As I said, I believe you can remove Muslim and insert any skeptic type in it's place.  What the Bible is for a Christian and why it is attacked as contradictory has no relevance on the "why" of why we believe.  Arguing about the contradictions feels like something worthwhile to those outside trying to "disprove" it, but that is because they completely miss the point of the what the Bible is for a Christian, and I think Mr. Quereshi's explanation is a wonderful one.  He ends that section on contradictions with "Even though Quran contradictions far more devastating the case for Islam than Bible contradictions are to the case for Christianity, I find these arguments about contradictions to be unproductive and bordering on fatuous.  I prefer the constructive dialogue of giving each text the benefit of the doubt and discussing the merits of what they are asserting, rather than reading the texts inimically and accusing the of contradictions wherever possible."  I like this because it would be like if you are trying to convince me that roller coasters are fun, and we keep focusing on the fact that three of my friends say wooden coasters are bumpy and rough, and three friends say they are crazy they are smooth and they show me reviews of the same coaster with contradictory reviews, we're no longer discussing the main topic, roller coasters and fun, we've not resorted to destroying any chance to get there by focusing on underlying things that have much less importance.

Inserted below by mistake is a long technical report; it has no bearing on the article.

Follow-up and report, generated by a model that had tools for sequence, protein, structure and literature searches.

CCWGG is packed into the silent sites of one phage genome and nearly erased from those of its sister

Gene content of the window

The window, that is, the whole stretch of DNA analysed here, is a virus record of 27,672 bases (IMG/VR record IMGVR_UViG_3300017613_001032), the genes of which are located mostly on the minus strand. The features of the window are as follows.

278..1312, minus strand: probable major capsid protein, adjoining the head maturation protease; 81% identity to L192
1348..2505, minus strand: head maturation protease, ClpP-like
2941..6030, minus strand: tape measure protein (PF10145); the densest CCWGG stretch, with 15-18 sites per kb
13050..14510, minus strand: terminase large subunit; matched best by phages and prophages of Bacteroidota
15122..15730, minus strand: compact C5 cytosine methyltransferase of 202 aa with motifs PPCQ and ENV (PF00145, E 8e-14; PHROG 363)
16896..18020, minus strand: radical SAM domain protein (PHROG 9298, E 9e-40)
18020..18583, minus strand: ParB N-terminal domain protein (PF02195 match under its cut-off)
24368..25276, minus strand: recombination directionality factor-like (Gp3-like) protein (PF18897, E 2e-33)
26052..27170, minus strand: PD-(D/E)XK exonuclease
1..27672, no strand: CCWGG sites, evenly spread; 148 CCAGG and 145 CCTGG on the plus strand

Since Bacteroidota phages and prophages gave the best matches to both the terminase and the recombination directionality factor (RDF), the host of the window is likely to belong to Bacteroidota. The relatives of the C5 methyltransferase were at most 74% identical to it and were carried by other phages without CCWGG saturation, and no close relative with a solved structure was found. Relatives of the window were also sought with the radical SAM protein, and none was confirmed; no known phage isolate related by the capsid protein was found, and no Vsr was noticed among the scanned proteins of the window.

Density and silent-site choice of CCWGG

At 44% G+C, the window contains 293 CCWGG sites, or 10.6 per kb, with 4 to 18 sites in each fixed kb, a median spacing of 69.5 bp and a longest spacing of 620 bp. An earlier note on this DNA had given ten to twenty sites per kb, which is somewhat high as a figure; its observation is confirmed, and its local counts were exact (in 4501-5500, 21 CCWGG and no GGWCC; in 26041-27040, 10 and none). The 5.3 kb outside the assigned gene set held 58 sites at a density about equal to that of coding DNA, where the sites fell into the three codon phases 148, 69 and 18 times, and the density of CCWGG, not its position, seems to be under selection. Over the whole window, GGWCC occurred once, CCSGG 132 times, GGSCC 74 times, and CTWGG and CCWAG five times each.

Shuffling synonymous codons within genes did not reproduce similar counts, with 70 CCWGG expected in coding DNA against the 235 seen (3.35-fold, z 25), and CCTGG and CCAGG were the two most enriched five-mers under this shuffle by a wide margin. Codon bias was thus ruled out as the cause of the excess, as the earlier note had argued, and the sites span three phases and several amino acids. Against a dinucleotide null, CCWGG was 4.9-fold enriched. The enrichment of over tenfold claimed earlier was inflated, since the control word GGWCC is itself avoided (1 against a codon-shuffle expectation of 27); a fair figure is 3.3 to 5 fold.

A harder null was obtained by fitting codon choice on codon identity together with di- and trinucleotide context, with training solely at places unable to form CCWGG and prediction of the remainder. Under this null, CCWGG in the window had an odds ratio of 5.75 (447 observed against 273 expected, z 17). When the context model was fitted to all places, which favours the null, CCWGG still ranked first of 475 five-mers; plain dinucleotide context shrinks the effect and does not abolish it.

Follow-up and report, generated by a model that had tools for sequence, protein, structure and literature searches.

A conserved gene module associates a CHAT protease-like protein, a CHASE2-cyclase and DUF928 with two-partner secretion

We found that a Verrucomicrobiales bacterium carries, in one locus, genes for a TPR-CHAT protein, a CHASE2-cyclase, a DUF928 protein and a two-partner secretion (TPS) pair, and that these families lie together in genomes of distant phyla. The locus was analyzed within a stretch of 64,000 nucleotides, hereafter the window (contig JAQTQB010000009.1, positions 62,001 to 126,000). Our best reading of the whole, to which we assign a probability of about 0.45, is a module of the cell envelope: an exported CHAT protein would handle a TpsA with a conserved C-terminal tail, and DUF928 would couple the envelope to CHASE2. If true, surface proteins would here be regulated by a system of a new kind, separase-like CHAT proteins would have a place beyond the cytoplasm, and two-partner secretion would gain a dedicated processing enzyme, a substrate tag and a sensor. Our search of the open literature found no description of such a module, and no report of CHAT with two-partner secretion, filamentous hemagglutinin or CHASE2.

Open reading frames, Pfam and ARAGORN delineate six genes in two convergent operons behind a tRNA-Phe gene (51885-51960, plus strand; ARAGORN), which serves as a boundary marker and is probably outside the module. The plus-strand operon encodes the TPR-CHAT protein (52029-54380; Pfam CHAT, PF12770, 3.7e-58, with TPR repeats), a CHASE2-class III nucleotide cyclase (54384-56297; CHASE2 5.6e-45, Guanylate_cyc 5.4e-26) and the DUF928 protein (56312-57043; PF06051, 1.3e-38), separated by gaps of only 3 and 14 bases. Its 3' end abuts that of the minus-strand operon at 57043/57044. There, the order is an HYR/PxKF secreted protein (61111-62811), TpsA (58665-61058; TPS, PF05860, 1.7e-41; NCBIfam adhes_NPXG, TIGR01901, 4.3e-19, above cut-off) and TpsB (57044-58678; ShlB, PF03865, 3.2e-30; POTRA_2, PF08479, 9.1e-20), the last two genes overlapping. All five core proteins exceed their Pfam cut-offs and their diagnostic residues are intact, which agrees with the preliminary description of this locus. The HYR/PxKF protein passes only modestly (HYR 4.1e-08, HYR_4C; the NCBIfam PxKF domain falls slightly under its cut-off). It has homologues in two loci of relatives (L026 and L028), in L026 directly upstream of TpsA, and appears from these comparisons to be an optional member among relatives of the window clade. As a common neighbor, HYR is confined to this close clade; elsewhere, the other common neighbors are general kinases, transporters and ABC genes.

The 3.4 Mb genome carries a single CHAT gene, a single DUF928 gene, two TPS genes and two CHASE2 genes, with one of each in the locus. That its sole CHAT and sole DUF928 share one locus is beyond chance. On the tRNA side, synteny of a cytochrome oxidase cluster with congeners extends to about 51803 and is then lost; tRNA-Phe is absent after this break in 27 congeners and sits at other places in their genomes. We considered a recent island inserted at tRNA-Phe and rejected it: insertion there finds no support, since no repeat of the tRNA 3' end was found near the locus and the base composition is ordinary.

So the issue of preserving the meaning, the "accuracy" of which I am talking is again covered in much more detail in post #160 above, so head there please.